City anchor: Forest dept digs heels in, won’t allow encroachers to return
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With the new year approaching, the forest department is gearing to get its boots dirty and dig trenches to safeguard its land from encroachers. With 2,232 illegal structures, incsluding shanties, huts and pucca houses, razed so far, the department has now spread its patrolling to prevent these structures coming up on its land again.
The eviction-and-demolition drive follows a Bombay High Court order. On Sunday, 10 hectares of fresh land was officially restored after the drive. The campaign of reclaiming the forest land started 10 days after the festive season in November, when slumdwellers were asked to produce documents to prove their legal status.
According to an HC order, only those who had settled before 1995 could stay on the premises. "We found illegal cowsheds, commercial shops and others operating from such structures. Most of them did not have the papers," says Sunil Limaye, chief conservator of forests and director, Sanjay Gandhi National Park (SGNP).
Officials of the rank of foresters and guards moved through these slums and marked the illegal structures. With December 31 set as the deadline for removing 3,500 unauthorised structures, Limaye said the drive is reaching its target. "We felt the pressure as many of them throw political clout. Now winter session is over too, and there could be some noise," he said.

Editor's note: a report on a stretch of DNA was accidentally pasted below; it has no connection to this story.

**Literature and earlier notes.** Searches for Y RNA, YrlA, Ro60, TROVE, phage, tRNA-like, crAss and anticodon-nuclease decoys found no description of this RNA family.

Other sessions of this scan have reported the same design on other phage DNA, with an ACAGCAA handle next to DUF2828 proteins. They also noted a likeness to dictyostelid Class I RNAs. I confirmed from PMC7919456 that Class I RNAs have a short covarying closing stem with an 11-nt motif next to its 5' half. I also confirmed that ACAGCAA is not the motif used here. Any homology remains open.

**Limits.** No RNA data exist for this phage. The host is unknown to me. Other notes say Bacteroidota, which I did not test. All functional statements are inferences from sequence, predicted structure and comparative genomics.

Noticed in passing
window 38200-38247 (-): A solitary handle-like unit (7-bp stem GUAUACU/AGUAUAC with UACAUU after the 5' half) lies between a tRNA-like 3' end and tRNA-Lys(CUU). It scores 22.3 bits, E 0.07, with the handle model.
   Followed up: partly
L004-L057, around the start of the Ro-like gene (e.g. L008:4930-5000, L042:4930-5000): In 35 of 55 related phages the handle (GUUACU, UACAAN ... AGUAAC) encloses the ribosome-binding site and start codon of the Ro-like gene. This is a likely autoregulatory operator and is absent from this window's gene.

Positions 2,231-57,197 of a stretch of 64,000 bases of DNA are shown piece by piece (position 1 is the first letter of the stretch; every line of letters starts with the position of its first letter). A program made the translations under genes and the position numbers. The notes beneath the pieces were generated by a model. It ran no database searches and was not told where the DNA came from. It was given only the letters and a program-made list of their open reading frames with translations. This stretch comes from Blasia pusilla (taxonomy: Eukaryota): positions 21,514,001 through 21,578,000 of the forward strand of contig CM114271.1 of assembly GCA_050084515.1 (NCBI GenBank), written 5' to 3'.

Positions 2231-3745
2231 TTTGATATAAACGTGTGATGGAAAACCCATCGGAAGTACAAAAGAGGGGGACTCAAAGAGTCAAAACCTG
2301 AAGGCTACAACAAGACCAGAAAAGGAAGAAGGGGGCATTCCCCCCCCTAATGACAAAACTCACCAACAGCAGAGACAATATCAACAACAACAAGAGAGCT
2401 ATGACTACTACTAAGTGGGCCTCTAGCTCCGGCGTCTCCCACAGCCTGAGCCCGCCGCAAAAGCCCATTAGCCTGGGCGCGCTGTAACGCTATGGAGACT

The department has so far identified and marked 8,000 unauthorised huts and structures for demolition. "We will begin the next phase of demolition in February. January will be for clearing debris and digging trenches. We will then begin planting in these trenches to ensure that slumdwellers don't build new houses here," he added.
The department has also taken patrolling over the "rescued land" seriously. "We have made teams that will watch over these areas. The people whose homes have been demolished are still around. We want to send out a strong message. The management is going tooth and nail after unauthorised hutments. Earlier, they would just shift from one sector to another. This time, we are not allowing them access to the forest," he said.